Let the Partying Begin!

God, apparently, loves feasting. Nothing secretive or peaceful about it. A brash new star, exotic foreigners, ec­static shepherds, choirs of angels—not just a quiet messen­ger, but hosts of them, pouring through the night sky singing “Glory.” God chose to celebrate this feast “just at the worst time of the year,” to be a light in the darkness, to comfort us on our lonely road, to prove over and over again that the things of the world are good, that fun is an ethical concept. Perhaps this is what is meant by “blessed are the poor”—they know how to feast.

I wish I were able to feast with this extravagant host. I am appalled by my pusillanimous responses: by the minginess of my imagination. I tend to criticize the menu (“virgin birth­ so out of date”) and carp at the behavior of less refined guests (“oh, not ‘Hark-the Herald’ again”). I wear jeans not my wed­ding garment, and I want the children to “calm down” and not wake up too early in the morning.

Of course they should wake up early, of course they should be overexcited, of course they should run amok and tear open their presents with greedy zeal. This is the feast day of a God who so delights in matter, in the stuff of the universe, in bodies, that he plunges into it all head first, and becomes a child. This is the feast day of a God who rips the invisible membrane between time and eternity so heaven floods the world, in an extravagant and abundant tide of love, and the world laps back, carried undiluted to the everlasting ban­quet. The feast of a God who comes into the cold, the dark, the silence of our prosperity and says, “Let’s party.”


This is only the conclusion of a marvelous piece that first appeared in Commonweal in 1997 and has been reprinted in the current issue. I encourage you to read the full article [here].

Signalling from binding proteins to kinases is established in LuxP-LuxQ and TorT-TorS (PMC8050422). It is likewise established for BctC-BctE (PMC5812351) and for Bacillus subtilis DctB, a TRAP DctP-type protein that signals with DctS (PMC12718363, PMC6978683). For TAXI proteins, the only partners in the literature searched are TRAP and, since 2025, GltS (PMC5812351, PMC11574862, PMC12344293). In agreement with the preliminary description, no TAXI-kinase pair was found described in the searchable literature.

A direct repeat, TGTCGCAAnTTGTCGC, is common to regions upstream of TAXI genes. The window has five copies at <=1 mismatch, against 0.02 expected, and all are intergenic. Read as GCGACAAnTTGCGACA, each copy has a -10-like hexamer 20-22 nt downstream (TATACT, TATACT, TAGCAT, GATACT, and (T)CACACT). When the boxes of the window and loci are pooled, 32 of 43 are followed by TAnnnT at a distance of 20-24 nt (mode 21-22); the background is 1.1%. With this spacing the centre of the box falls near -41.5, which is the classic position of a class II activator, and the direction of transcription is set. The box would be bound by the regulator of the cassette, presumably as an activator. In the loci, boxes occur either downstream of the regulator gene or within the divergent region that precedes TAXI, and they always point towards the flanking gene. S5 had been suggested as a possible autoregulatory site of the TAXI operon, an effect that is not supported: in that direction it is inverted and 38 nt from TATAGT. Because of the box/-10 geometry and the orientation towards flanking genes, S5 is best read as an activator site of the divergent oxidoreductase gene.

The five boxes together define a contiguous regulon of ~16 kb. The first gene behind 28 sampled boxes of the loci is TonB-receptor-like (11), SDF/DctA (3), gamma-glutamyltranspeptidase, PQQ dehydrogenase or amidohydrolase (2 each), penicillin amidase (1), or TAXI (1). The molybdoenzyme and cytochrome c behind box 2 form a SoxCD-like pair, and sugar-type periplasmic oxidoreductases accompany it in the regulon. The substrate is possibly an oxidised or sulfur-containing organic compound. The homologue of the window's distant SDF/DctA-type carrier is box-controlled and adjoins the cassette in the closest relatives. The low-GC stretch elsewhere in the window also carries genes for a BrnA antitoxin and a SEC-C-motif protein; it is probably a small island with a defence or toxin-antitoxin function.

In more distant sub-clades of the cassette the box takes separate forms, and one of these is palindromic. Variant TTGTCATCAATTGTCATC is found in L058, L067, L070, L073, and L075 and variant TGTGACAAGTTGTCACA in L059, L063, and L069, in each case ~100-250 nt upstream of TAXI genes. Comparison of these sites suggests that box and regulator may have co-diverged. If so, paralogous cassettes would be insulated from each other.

Formula for Happy Holiday Gatherings

Here are just a few observations that may be unduly influenced by the social fatigue so common at this time of year. This is a crazy season for holiday gatherings… and we still have Christmas and New Years ahead of us!

So, how are you doing? What do you think? What’s your experience teach? Here’s what’s rumbling in the back of my head…

I too often anticipate parties or family gatherings wondering, “What’s in it for me?”. Experience has taught me that’s a non-starter! I have a better time if my focus is on others and not on myself. A good indicator for me is how much time I spend at the buffet table. If I’m stuffing myself with snacks, treats, sweets and drink it’s time for me to ask, “What hunger am I really trying to feed here?”. It’s time to engage others more and my mouth less.

We all notice the most popular, charismatic people at a party. Some folks are clearly having more fun than others. What’s the difference? What’s their secret? Well, there are multiple answers — personality, temperament, innate abilities. But here’s a pattern to watch… aren’t the people we admire and appreciate most those who always seem to be looking for opportunities to engage others? Maybe you are more virtuous than me, but the most boring and tedious party-goers are those who appear to be interested in talking only about themselves.

So, what are we to talk about? Yes, people are sincerely interested in catching-up. But there is a way of sharing our personal experiences that is open-ended and loops back to the other person. For example, choose to highlight the part of your story that will be of most interest to the other person, something with which they can identify and perhaps expand upon. Then there is simple and gracious habit of sprinkling your story with plenty of open questions. Too many are inhibited by a fear of not knowing what to talk about. The solution to that phobia is to focus on asking the other person “open” questions and then truly listening.